Three of the world's leading brands have encountered severe turbulence in recent weeks - Qantas, Rolls Royce and Airbus and all three may be on a collision course in the courts, with Rolls Royce the company in the firing line.
The issue went public when one of Qantas' new Airbus A380 Rolls Royce engines blew in mid air, resulting in a grounding of the fleet, an investigation that pinned the source of the problem on faulty engineering or manufacture in an engine component and a recall by Rolls Royce of A380 engines from Airbus.
It seems that the upshot of this is going to be a significant dent in the cowling of one of the UK's most venerated brands and collateral damage to the other two. For Qantas in particular, this is an awkward situation. While there have been some concerning incidents involving Qantas over the past few yeasrs, the media has ensured every minor glitch discovered on the tarmac or elsewhere is magnified out of all proportion. So the Rolls Royce incident, not of Qantas' making, simply tags onto a conga line of stories damaging to the brand.
Qantas' brand problem is that customers generally do not analyse the veracity of some of these issues in any depth. Their perceptions are mainly shaped by their experience of on-time service and reliability. The question of unreasonable media scrutiny, helped by some mischief making by some stakeholders, doesn't register. Add personal experience to subconscious doubts about safety issues and you have a potent mixture of brand-eroding agents.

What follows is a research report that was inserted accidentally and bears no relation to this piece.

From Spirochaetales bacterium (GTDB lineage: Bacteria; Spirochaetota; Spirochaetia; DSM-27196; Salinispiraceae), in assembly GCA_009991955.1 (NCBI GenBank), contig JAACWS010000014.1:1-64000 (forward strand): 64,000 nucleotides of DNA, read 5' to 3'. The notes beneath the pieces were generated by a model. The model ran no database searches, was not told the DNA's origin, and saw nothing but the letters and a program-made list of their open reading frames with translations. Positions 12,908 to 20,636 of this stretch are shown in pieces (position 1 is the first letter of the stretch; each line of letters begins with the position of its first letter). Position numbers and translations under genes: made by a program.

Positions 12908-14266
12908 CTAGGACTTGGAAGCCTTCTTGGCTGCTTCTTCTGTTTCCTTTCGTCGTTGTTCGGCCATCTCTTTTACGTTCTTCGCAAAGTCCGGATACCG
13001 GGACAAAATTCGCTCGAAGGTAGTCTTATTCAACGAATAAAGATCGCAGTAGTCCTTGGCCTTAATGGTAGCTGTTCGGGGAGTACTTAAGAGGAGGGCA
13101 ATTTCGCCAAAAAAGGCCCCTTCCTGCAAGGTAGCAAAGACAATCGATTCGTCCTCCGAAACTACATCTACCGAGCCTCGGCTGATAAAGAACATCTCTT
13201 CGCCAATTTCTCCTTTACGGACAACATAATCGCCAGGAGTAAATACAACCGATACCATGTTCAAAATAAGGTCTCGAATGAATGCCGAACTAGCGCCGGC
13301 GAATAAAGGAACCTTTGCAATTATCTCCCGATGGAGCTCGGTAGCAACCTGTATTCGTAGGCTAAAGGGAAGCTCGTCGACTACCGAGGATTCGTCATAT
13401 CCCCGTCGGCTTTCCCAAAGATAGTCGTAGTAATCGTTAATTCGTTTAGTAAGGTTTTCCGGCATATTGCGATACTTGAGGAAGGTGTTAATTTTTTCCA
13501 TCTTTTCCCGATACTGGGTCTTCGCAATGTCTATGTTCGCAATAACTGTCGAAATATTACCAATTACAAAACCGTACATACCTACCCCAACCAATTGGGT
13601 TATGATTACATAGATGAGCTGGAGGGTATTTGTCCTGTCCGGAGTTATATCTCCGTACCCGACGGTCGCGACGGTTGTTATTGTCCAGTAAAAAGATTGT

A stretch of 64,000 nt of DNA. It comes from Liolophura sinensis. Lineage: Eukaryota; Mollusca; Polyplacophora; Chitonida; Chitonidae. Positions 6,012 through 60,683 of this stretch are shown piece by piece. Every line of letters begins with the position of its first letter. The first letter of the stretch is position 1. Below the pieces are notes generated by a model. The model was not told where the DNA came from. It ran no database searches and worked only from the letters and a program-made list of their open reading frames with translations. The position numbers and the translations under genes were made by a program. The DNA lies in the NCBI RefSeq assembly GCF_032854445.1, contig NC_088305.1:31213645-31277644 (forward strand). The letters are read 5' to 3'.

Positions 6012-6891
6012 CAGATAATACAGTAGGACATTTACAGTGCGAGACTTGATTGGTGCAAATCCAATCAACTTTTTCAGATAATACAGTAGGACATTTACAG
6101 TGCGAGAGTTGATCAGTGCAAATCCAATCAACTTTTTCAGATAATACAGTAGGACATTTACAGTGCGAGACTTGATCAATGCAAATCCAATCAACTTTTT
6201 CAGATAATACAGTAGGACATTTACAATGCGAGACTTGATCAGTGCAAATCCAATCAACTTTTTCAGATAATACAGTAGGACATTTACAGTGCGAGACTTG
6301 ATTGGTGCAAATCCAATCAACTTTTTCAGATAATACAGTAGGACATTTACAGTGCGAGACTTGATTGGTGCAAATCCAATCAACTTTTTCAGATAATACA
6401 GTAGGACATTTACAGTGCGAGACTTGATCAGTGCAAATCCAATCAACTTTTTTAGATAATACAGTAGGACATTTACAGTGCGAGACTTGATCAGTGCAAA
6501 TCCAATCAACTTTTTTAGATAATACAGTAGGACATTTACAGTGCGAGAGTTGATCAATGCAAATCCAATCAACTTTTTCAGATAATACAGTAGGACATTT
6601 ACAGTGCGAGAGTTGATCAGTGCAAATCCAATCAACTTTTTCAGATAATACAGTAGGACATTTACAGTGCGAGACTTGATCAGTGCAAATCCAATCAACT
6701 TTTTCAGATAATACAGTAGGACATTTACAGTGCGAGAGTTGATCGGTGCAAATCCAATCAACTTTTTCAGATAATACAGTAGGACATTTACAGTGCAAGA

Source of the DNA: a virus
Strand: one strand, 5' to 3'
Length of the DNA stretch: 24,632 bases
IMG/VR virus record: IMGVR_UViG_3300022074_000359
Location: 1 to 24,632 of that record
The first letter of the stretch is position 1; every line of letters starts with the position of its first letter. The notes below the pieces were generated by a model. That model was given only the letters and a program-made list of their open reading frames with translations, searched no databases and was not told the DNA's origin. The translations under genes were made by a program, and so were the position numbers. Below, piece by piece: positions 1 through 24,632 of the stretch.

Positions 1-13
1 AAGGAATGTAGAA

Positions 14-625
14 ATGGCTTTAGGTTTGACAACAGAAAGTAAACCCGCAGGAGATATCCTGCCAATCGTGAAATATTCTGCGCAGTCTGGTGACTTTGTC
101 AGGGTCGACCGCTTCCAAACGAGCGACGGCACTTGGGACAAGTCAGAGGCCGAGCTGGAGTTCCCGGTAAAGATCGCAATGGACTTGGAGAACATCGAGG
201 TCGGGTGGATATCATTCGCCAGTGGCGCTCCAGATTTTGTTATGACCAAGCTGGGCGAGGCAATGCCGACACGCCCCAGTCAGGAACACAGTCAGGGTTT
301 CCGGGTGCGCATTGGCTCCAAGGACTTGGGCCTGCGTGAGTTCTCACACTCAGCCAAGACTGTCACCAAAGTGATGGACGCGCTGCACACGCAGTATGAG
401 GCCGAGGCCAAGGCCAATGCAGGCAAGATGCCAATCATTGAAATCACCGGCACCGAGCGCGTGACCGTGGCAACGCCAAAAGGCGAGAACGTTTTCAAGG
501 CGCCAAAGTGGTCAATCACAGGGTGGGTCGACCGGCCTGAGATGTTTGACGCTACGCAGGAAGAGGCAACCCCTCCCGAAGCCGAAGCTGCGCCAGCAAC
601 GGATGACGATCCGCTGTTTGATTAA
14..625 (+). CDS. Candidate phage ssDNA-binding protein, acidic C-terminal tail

Airbus customers are airlines, who you would think would apply a fair level of analysis to the reasons for delays to orders due to the Rolls Royce recall. But it still isn't good news that refitting aircraft already in service will place priority demands on the supply of new engines, thus delaying deliveries of new aircraft scheduled for 2011.
Quite apart from the financial impacts, these companies, especially Qantas with its direct exposure to reputational risk among consumers, will be turning a lot of attention to restoring the lustre of their brands. So it's no surprise that Qantas has already announced it reserves the right to sue Rolls Royce for financial losses incurred through the grounding of its aircraft, should it not be able to reach a commercial settlement with the engine manufacturer.
Of course, that amount is calculable. But how calculable is the cost of restoring reputation? It will be interesting to see if that is built into the equation should the matter go to court. How do you calculate loss of brand equity?
And where does this leave the Rolls Royce brand? Perhaps it's flown under the radar of consumer consciousness, even the company's well-heeled automotive customers. There is no research yet to bear this out. However, if you want some insight on the burgeoning chorus of discontent, perhaps visit my old mate, Ben Sandilands' report, Rolls Royce under fire from all parties over A380 engines.